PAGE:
A decision by the New Jersey Supreme Court requires judiciary administrators to begin notifying parties litigating professional malpractice claims of their statutory obligations to file affidavits of merit and to schedule hearings to determine whether those affidavits are satisfactory. In a unanimous ruling in A.T. v. Cohen, the court held that a medical malpractice case should not have been dismissed when an out of state attorney, admitted to practice in New Jersey but unaware of New Jersey’s filing deadlines, failed to file a timely affidavit of merit.
The judiciary will now be responsible for notifying parties in malpractice actions of their deadline obligations. The judiciary will use its newly implemented e-filing system to electronically notify malpractice plaintiffs of their obligation to file an affidavit of merit within sixty days from the filing of defendant’s answer to the complaint. The judiciary will also notify litigations of the scheduling of mandatory conferences to determine the validity of the affidavits (known as Ferreira conferences).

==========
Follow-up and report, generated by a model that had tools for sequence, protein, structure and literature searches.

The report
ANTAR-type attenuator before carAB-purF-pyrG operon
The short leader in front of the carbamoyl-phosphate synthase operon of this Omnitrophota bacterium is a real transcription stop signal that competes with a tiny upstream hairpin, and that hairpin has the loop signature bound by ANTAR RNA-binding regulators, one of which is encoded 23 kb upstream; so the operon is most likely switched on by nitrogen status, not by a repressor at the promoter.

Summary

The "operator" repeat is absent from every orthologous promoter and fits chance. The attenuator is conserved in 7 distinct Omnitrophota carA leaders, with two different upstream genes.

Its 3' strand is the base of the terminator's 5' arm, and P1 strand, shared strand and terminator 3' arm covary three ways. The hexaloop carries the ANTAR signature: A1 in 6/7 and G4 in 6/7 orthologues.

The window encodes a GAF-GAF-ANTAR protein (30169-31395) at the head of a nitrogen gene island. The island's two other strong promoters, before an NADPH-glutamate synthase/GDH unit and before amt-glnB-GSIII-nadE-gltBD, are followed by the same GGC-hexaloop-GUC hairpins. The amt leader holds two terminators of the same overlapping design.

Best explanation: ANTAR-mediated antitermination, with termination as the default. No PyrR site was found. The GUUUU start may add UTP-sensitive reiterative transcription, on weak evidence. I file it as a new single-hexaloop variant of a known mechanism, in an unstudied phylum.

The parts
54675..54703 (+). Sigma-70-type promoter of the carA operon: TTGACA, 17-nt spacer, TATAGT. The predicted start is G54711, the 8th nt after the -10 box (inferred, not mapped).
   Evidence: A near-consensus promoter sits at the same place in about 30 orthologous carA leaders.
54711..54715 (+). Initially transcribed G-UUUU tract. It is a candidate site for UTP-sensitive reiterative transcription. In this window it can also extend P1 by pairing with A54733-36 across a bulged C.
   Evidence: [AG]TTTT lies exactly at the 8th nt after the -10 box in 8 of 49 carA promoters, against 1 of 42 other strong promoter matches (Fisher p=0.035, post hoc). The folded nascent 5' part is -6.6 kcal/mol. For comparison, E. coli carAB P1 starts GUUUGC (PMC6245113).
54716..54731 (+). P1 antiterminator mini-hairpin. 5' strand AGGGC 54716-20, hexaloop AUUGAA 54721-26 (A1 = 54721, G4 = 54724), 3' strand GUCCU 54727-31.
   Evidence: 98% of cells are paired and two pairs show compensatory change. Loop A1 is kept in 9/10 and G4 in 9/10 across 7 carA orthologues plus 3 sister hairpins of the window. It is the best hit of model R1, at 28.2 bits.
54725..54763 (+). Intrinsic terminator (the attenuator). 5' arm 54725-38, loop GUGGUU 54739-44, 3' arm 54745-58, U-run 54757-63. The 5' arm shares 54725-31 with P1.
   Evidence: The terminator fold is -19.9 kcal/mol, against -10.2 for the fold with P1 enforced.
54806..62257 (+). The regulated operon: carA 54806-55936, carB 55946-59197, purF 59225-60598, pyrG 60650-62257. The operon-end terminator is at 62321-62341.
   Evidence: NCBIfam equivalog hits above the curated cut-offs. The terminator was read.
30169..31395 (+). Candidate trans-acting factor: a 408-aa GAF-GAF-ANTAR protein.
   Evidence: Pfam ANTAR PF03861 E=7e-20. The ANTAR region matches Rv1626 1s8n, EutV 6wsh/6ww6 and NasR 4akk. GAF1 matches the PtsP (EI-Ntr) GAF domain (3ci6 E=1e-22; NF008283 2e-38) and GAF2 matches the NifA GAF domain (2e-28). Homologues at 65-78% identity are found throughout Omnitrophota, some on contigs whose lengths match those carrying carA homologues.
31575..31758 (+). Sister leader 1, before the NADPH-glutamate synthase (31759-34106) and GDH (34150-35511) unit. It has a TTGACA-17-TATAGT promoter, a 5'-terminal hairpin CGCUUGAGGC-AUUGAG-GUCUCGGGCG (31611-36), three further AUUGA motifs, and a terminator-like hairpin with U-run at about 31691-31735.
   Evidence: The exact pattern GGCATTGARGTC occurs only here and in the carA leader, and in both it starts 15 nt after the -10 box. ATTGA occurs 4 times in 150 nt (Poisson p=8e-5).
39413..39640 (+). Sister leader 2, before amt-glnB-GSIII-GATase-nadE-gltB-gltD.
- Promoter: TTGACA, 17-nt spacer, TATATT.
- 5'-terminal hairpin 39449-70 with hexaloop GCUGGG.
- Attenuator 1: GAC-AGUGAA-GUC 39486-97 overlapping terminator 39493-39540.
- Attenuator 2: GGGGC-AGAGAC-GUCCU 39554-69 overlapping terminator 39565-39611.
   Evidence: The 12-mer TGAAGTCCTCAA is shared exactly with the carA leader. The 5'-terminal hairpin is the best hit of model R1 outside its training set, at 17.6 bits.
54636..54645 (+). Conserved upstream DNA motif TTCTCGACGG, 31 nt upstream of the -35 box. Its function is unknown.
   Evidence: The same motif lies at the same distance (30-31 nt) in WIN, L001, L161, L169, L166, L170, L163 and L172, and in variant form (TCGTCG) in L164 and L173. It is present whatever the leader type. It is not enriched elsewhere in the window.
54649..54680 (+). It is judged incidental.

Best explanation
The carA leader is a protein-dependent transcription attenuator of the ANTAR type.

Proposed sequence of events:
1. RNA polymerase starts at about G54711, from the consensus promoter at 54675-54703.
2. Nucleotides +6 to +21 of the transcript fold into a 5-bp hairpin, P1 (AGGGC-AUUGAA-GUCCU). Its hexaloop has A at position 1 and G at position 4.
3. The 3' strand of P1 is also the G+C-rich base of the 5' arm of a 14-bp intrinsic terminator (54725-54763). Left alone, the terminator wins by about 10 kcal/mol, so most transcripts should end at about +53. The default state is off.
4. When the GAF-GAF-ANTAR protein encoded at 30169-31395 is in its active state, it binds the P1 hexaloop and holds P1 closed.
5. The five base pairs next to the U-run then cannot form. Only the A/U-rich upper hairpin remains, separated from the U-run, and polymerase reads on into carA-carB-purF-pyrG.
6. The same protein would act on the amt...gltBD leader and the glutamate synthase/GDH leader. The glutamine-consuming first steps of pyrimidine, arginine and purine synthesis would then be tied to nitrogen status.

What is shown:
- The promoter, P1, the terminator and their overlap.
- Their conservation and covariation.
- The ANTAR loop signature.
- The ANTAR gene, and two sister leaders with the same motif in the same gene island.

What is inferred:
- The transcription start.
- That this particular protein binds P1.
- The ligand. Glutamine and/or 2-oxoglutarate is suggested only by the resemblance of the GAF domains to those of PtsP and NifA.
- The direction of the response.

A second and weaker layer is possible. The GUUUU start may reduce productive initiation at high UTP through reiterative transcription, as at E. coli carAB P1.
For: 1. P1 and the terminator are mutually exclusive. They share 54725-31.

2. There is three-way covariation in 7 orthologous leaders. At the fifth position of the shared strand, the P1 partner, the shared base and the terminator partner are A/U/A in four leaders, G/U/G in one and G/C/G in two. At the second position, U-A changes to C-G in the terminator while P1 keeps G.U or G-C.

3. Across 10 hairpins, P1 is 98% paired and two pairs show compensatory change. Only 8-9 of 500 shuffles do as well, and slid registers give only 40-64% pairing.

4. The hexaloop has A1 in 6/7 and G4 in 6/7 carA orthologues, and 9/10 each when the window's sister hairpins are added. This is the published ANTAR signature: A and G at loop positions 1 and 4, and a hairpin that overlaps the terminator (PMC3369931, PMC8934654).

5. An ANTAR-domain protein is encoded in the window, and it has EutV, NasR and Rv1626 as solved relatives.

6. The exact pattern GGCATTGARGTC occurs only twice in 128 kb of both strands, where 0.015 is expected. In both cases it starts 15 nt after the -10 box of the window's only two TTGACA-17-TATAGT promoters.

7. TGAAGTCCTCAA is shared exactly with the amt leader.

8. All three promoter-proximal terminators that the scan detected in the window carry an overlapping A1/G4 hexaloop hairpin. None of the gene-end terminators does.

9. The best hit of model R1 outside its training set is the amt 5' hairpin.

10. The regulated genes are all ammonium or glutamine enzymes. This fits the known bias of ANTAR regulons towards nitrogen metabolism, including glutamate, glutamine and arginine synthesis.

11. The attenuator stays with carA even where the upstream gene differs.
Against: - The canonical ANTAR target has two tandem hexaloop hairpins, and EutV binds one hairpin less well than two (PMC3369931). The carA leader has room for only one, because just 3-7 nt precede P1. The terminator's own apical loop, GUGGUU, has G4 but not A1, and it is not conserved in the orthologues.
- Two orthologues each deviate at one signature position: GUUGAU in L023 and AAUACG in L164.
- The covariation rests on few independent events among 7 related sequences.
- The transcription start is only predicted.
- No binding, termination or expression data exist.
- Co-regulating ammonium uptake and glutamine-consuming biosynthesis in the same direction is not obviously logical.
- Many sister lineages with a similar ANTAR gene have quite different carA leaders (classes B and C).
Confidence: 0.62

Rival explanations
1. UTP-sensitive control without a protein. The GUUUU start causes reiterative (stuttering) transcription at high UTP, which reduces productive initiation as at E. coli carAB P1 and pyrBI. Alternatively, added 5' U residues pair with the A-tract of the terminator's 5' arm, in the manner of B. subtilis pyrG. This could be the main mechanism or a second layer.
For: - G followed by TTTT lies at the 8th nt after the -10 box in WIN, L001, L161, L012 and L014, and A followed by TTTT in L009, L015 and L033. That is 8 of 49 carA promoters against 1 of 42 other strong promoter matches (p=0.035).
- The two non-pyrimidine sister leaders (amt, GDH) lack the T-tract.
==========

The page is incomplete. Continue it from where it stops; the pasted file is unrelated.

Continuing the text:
The Cohen case arose from the birth of a child and the alleged malpractice of doctors and a hospital leading to the child’s birth defect. The plaintiff’s attorney at the time failed to comply with the statute requiring the filing of an affidavit of merit. As a result, the trial court dismissed plaintiff’s complaint. The Appellate Division affirmed, but the Supreme Court reversed, holding that equitable relief should be afforded to plaintiff. The Supreme Court was persuaded that a presumably valid complaint should not be dismissed because of a lawyer’s non-compliance with a statute.
Going forward, attorneys are on notice that disregarding the scheduling of a Ferreira conference will not provide a basis for relief from statutory obligations.
Thanks to Michael Noblett for his contribution to this post.